Search Images Maps Play YouTube News Gmail Drive More »
Sign in
Screen reader users: click this link for accessible mode. Accessible mode has the same essential features but works better with your reader.

Patents

  1. Advanced Patent Search
Publication numberUS20020163535 A1
Publication typeApplication
Application numberUS 09/735,025
Publication dateNov 7, 2002
Filing dateDec 11, 2000
Priority dateDec 11, 2000
Publication number09735025, 735025, US 2002/0163535 A1, US 2002/163535 A1, US 20020163535 A1, US 20020163535A1, US 2002163535 A1, US 2002163535A1, US-A1-20020163535, US-A1-2002163535, US2002/0163535A1, US2002/163535A1, US20020163535 A1, US20020163535A1, US2002163535 A1, US2002163535A1
InventorsKathryn Mitchell, John Kerr, Steven Hiebert, Richard McKay
Original AssigneeMitchell Kathryn L., Kerr John M., Hiebert Steven P., Mckay Richard N.
Export CitationBiBTeX, EndNote, RefMan
External Links: USPTO, USPTO Assignment, Espacenet
System and method for generating a graphical user interface from a template
US 20020163535 A1
Abstract
Various systems and methods are described for generating a graphical user interface (GUI) from a template. In one embodiment, a system is provided that comprises a processor circuit having a processor and a memory. Stored on the memory and executable by the processor is GUI generation logic. The GUI generation logic includes logic to generate an input field in the graphical user interface that is associated with an input item in a template. The GUI generation logic also includes logic to generate an input field label in the graphical user interface from an input field tag in the template, wherein the input field tag is associated with the input item.
Images(9)
Previous page
Next page
Claims(36)
I/we claim:
1. A system for generating a graphical user interface (GUI), comprising:
a processor circuit having a processor and a memory;
GUI generation logic stored on the memory and executable by the processor, the GUI generation logic comprising:
logic to generate an input field in the graphical user interface, the input field being associated with an input item in a template; and
logic to generate an input field label in the graphical user interface from an input field tag in the template, the input field tag being associated with the input item in the template.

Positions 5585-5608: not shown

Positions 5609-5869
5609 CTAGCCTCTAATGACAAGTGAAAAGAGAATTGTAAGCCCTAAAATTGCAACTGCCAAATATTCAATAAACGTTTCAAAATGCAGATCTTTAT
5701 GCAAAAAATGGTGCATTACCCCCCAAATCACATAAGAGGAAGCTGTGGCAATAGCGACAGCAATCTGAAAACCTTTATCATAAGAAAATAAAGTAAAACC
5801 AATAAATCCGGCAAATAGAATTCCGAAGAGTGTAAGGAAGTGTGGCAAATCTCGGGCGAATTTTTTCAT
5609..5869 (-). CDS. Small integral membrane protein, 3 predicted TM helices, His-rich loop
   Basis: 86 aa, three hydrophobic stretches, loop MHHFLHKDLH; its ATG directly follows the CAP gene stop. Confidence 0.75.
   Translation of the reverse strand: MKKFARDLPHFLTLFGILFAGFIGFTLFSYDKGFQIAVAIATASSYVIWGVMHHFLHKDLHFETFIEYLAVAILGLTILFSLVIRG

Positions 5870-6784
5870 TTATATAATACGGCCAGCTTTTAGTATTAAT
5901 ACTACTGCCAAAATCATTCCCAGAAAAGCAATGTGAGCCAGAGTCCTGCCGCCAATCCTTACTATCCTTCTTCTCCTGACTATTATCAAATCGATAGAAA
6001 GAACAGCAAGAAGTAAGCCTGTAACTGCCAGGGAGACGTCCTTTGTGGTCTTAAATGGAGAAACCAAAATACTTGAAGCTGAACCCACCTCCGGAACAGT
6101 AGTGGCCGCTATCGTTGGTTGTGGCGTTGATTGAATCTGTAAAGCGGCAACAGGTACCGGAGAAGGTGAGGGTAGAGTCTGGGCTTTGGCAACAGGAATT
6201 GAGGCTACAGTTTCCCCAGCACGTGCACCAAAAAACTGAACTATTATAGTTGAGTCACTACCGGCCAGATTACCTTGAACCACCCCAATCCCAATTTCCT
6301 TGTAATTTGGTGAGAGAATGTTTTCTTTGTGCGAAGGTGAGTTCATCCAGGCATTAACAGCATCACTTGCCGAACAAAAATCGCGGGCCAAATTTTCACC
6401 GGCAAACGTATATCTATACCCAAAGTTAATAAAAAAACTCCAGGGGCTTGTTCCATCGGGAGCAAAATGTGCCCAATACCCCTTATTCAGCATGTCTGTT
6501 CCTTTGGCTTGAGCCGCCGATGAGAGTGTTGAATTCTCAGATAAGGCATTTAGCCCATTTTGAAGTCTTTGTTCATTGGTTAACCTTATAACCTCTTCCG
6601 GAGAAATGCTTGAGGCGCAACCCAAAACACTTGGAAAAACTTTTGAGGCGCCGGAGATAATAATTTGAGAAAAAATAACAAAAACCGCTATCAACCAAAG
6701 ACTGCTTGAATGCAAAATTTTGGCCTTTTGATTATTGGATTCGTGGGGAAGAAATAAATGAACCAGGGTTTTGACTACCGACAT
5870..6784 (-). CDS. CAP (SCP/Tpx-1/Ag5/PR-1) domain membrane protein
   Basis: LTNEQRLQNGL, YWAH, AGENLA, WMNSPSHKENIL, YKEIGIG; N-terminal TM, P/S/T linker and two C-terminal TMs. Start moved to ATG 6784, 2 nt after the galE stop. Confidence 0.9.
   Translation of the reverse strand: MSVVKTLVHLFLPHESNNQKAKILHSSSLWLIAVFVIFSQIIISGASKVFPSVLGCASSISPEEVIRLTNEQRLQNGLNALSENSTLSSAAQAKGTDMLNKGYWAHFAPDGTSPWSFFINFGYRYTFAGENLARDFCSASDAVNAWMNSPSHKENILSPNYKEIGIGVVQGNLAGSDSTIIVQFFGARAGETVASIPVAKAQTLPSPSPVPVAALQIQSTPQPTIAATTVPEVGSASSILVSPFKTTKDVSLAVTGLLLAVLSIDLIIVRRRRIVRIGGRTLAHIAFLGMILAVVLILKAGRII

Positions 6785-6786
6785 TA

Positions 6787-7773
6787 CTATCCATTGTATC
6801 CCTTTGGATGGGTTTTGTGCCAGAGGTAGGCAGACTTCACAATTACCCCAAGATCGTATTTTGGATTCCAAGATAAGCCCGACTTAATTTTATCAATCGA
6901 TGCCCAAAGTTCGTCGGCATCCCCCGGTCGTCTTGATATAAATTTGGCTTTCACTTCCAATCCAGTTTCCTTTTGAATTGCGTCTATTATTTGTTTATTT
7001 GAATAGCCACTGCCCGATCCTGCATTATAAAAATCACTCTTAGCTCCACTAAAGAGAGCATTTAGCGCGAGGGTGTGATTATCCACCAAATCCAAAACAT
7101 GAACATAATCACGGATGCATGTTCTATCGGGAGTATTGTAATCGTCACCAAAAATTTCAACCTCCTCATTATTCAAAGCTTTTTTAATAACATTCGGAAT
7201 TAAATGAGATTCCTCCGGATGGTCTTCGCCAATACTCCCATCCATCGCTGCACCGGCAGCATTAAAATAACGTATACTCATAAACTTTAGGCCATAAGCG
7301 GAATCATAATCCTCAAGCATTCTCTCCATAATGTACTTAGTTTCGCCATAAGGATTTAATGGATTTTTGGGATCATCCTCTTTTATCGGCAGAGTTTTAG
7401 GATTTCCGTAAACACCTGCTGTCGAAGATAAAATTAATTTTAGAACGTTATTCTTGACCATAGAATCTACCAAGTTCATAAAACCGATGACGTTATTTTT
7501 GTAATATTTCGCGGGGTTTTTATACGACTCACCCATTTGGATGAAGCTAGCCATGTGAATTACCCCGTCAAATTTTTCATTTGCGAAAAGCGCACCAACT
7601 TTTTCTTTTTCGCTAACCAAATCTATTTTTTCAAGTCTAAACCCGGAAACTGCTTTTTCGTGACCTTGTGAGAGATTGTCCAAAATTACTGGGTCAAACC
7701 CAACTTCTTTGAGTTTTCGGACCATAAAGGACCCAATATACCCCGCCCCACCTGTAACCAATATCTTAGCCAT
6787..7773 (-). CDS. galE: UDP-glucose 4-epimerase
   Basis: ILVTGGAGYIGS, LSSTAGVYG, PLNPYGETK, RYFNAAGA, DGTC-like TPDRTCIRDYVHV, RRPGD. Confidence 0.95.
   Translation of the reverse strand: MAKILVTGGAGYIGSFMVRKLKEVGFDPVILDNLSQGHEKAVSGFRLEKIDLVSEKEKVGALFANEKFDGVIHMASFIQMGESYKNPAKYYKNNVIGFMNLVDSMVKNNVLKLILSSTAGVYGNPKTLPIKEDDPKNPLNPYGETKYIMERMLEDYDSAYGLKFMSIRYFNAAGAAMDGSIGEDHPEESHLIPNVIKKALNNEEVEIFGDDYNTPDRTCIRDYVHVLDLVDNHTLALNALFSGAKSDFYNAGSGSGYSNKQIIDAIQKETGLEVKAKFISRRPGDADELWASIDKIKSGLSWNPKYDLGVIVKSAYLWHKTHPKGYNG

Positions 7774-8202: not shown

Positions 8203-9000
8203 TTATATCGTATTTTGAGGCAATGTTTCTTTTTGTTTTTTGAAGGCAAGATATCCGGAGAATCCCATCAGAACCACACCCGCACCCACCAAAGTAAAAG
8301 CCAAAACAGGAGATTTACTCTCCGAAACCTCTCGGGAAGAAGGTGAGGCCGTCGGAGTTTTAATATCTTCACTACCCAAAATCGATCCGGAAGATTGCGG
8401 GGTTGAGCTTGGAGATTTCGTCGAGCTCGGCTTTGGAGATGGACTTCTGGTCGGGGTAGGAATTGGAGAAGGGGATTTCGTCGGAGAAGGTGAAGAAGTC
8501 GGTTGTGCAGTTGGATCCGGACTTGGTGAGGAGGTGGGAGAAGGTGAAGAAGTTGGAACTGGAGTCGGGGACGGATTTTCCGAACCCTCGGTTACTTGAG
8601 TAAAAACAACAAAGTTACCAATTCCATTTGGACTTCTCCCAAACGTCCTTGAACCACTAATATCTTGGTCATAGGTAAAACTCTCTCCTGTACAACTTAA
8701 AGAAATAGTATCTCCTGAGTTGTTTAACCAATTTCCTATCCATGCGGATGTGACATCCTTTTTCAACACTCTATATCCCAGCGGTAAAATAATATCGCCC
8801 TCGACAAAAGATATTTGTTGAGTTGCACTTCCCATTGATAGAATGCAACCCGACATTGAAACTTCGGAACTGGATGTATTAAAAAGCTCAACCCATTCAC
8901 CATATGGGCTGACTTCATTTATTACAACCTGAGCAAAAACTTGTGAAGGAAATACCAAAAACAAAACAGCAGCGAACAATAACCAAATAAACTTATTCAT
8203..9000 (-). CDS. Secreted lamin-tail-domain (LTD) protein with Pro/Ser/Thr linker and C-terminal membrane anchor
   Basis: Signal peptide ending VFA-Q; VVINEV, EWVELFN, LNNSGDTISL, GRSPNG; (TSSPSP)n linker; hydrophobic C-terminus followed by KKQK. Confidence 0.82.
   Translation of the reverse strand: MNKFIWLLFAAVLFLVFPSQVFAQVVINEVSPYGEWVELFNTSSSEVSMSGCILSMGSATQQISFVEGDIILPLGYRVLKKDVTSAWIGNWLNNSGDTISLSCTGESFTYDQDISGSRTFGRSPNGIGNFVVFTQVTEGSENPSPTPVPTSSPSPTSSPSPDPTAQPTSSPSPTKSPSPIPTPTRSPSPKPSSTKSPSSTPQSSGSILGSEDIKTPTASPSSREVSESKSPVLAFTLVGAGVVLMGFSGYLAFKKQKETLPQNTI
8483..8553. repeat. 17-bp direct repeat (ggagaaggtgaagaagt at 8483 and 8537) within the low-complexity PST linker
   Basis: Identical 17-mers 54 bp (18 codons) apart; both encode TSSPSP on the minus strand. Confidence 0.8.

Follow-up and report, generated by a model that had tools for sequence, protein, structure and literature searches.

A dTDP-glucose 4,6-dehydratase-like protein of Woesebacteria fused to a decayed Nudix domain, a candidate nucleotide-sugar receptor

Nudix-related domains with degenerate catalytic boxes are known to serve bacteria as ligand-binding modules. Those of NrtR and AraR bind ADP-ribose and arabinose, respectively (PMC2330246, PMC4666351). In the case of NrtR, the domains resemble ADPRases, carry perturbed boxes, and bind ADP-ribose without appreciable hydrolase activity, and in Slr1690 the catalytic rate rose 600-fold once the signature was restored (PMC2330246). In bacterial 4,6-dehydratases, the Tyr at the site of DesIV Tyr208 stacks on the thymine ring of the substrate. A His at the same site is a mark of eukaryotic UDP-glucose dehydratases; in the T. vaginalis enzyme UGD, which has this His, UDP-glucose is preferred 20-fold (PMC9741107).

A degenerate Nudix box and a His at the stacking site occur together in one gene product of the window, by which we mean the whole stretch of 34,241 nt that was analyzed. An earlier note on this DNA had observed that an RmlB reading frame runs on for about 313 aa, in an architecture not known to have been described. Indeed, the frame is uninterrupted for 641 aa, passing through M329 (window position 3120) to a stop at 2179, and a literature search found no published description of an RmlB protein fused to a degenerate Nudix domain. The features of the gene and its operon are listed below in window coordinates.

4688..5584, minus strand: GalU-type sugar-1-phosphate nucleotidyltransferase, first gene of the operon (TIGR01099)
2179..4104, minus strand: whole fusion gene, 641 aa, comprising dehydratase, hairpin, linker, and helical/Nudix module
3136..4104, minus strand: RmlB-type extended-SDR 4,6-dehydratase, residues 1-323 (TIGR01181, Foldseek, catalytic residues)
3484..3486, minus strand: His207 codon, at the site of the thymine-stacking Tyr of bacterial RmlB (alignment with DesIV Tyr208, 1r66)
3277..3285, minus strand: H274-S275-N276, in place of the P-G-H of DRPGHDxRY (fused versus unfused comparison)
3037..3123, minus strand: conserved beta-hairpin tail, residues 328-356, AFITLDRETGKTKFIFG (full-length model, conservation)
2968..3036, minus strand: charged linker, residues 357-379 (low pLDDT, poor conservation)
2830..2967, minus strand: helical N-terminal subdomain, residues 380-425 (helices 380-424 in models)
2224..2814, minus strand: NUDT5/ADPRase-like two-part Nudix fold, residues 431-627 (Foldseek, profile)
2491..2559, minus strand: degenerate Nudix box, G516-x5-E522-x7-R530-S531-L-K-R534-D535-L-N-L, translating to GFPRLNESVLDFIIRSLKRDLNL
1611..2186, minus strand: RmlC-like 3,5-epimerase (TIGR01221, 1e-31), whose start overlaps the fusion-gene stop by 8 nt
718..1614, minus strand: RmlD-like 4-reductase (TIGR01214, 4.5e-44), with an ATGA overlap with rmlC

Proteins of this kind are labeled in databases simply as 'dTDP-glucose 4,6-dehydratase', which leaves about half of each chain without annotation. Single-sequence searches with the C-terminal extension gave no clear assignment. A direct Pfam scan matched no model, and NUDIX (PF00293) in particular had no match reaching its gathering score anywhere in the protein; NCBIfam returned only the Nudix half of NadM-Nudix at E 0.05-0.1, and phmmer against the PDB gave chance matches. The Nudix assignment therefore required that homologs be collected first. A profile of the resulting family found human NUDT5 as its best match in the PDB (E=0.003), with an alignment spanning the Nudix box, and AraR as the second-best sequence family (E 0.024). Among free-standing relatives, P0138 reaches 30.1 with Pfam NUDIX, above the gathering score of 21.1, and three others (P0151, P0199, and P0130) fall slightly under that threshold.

2. The system of claim 1, wherein the GUI generation logic further comprises logic to identify the input item in the template.
3. The system of claim 1, wherein the GUI generation logic further comprises logic to identify an input item in the template that is not to be included in the graphical user interface.
4. The system of claim 1, wherein the GUI generation logic further comprises logic to identify a section in the template marked by a section tag and an ending section tag, wherein a number of the input items are nested within the section tag and the ending section tag.
5. The system of claim 4, wherein the GUI generation logic further comprises:
logic to generate a section label in the graphical user interface from the section tag in the template; and
logic to generate the input field in the graphical user interface in association with the section label.
6. The system of claim 1, where in the GUI generation logic further comprises logic to identify an alternate section in the template that includes a number of input items marked by an alternate section tag and an ending alternate section tag.
7. The system of claim 6, wherein the GUI generation logic further comprises logic to generate an alternate input field label in a graphical user interface from an alternate label attribute in the template, the alternate label attribute being associated with the input item in the template.
8. A system for generating a graphical user interface, comprising:
means for generating an input field in a graphical user interface, the input field being associated with an input item in a template; and
means for generating an input field label in a graphical user interface from an input field tag in the template, the input field tag being associated with the input item in the template.
9. The system of claim 8, further comprising means for identifying the input item in the template.
10. The system of claim 8, further comprising means for identifying an input item in the template that is not to be included in the graphical user interface.
11. The system of claim 8, further comprising means for identifying a section in the template marked by a section tag and an ending section tag, wherein a number of the input items are nested within the section tag and the ending section tag.
12. The system of claim 11, further comprising:
means for generating a section label in the graphical user interface from the section tag in the template; and
means for generating the input field in the graphical user interface in association with the section label.
13. The system of claim 8, further comprising means for identifying an alternate section in the template that includes a number of input items marked by an alternate section tag and an ending alternate section tag.